I could barely hear the robotic voice of the NOAA weather radio over the engine as I sat at the nav station, groggy from an overnight passage across the Gulf of Maine. It was just past dawn on a late September day, and I was taking Sonata, my Pearson 36 cutter, south for the winter. One of my crew was asleep in the saloon; the other was on watch in the cockpit.
“For tomorrow. Gale warning.”
What? I thought, leaning closer to the VHF.
“Winds from the south at 50 knots, with higher gusts. Seas building to 12 to 15 feet, 15 to 20 feet late.”
I climbed the companionway stairs and looked out at the flat, sun-dappled water of Buzzards Bay. Evidently, this was the calm before the storm. According to the radio, a fast-moving low-pressure system was barreling up the coast. I had intended to sail offshore directly to Cape May, New Jersey, but the forecast, even if half true, called for a change of plans.
“We got a gale coming our way, Jeff,” I said, shaking my head in dismay. “Looks like we’re going to ‘Gansett.”
Narragansett Bay was a place I knew well. I’d once lived on Aquidneck Island (officially, it’s called Rhode Island, like the state) and had kept Sonata on a mooring in Tiverton, at the head of the Sakonnet River. The bay was, for a time, a place I called my own, a place where my wife, Liz, and I had spent many happy days exploring, ducking into gunkholes, and picking up moorings in harbors like historic Bristol and picture-postcard perfect Wickford. But now the bay was a place to ride out the imminent nasty weather.
Reaching about 30 miles inland from the Atlantic, measuring 12 miles across at its widest point, Narragansett Bay is New England’s largest estuary. More than 30 islands dot its waters, and three of them—Aquidneck, Conanicut and Prudence—are quite large. They break the bay up into three north-south sections: the West Passage, East Passage and the Sakonnet River, which spans the bay’s eastern edge.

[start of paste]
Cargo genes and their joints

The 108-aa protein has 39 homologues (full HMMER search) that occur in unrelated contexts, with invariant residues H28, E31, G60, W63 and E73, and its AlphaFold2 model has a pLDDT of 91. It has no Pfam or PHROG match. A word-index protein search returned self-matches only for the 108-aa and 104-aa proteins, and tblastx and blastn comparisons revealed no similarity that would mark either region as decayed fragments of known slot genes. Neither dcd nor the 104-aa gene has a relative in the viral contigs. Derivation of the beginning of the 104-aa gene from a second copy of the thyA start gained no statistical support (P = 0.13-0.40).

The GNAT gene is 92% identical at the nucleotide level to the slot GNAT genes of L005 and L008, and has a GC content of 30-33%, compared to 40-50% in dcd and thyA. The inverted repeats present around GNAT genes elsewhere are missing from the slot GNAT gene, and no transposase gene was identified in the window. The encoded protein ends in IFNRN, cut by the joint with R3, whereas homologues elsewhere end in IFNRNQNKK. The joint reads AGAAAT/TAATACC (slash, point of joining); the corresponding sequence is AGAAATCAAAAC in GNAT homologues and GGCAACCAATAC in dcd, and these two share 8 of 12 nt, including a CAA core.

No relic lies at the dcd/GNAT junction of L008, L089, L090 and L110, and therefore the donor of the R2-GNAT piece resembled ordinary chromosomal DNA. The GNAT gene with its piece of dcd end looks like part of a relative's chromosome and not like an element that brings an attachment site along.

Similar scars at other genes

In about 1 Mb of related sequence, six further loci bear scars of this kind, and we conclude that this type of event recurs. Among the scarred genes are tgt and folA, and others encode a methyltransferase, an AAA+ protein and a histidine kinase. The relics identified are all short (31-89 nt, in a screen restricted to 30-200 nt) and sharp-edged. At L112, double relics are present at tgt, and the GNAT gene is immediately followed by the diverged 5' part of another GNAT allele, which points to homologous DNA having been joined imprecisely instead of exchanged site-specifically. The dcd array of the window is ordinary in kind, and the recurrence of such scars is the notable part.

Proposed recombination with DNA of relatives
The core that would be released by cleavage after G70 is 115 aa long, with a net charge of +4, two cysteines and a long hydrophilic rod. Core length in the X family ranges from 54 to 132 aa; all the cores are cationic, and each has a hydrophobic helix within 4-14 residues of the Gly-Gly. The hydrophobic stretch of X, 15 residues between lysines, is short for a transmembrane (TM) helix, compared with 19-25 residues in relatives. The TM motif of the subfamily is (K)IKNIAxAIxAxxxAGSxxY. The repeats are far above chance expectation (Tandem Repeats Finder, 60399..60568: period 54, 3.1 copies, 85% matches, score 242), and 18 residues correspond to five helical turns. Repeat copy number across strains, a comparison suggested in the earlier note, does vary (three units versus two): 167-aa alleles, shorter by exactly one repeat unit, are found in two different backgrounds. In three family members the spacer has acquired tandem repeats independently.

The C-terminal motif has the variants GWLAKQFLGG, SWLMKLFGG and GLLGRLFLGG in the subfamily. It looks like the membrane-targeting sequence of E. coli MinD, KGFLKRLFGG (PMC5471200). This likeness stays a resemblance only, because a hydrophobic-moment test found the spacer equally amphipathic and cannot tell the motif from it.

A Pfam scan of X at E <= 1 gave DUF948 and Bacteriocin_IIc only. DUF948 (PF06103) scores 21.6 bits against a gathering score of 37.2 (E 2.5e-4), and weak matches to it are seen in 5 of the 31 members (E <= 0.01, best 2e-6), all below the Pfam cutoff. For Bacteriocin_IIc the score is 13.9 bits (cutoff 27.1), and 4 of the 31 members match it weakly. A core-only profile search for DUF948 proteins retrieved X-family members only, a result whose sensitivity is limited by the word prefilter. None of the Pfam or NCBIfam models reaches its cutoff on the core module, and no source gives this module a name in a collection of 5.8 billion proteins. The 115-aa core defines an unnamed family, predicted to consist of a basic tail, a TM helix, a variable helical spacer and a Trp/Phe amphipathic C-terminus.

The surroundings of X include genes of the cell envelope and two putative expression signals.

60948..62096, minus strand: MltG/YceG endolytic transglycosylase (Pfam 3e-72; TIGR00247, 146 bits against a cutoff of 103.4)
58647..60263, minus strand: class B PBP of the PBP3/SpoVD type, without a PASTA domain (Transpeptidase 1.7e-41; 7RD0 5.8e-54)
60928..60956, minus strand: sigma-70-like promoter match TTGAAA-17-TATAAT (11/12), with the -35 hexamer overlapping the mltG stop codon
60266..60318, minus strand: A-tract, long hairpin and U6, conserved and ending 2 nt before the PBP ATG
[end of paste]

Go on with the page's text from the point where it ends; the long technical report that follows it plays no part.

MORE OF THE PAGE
Aquidneck Island covers more than 40 square miles, and contains the town of Newport, Middletown, and Portsmouth. Prudence Island, along with uninhabited Hope and Patience islands, is home to the Narragansett Bay National Estuarine Research Preserve, where roughly 4,400 acres of protected land and water are set aside for the many birds and other wildlife that live in the marshes and forests and along the rocky shores. Potter Cove, on the northeast side of Prudence Island, is especially popular among local sailors and gets pretty crowded on weekends. There’s usually little room to anchor, but any unoccupied mooring is fair game.
As the hours passed, we left Buzzards Bay, transited Rhode Island Sound and headed up the East Passage, leaving Newport to starboard. With its plethora of waterfront bars and restaurants, quaint shops, guided mansion tours and numerous beaches, Newport is a mandatory stop for any sailor. The annual Newport International Boat Show in September, the Museum of Yachting and Fort Adams, the International Yacht Restoration School and numerous classic yacht regattas all make a cruise to Newport well worth the effort. I considered putting in there now, but opted instead for a mooring across the way at Jamestown, on Conanicut Island. Although it’s open to the northeast, the harbor has good protection from strong southerly winds, which is what I wanted.After stopping for fuel at Conanicut Marine, we picked up a guest mooring. Shore leave was in order, so my crew and I hailed the launch and strolled into town. Jamestown is picturesque and laid-back. You can access the town from the marinas on the East Passage side of Conanicut, or you can put in at Dutch Harbor, on the other side of the island in the West Passage. Dutch Harbor offers excellent protection from northeasterly winds and is a great place to anchor.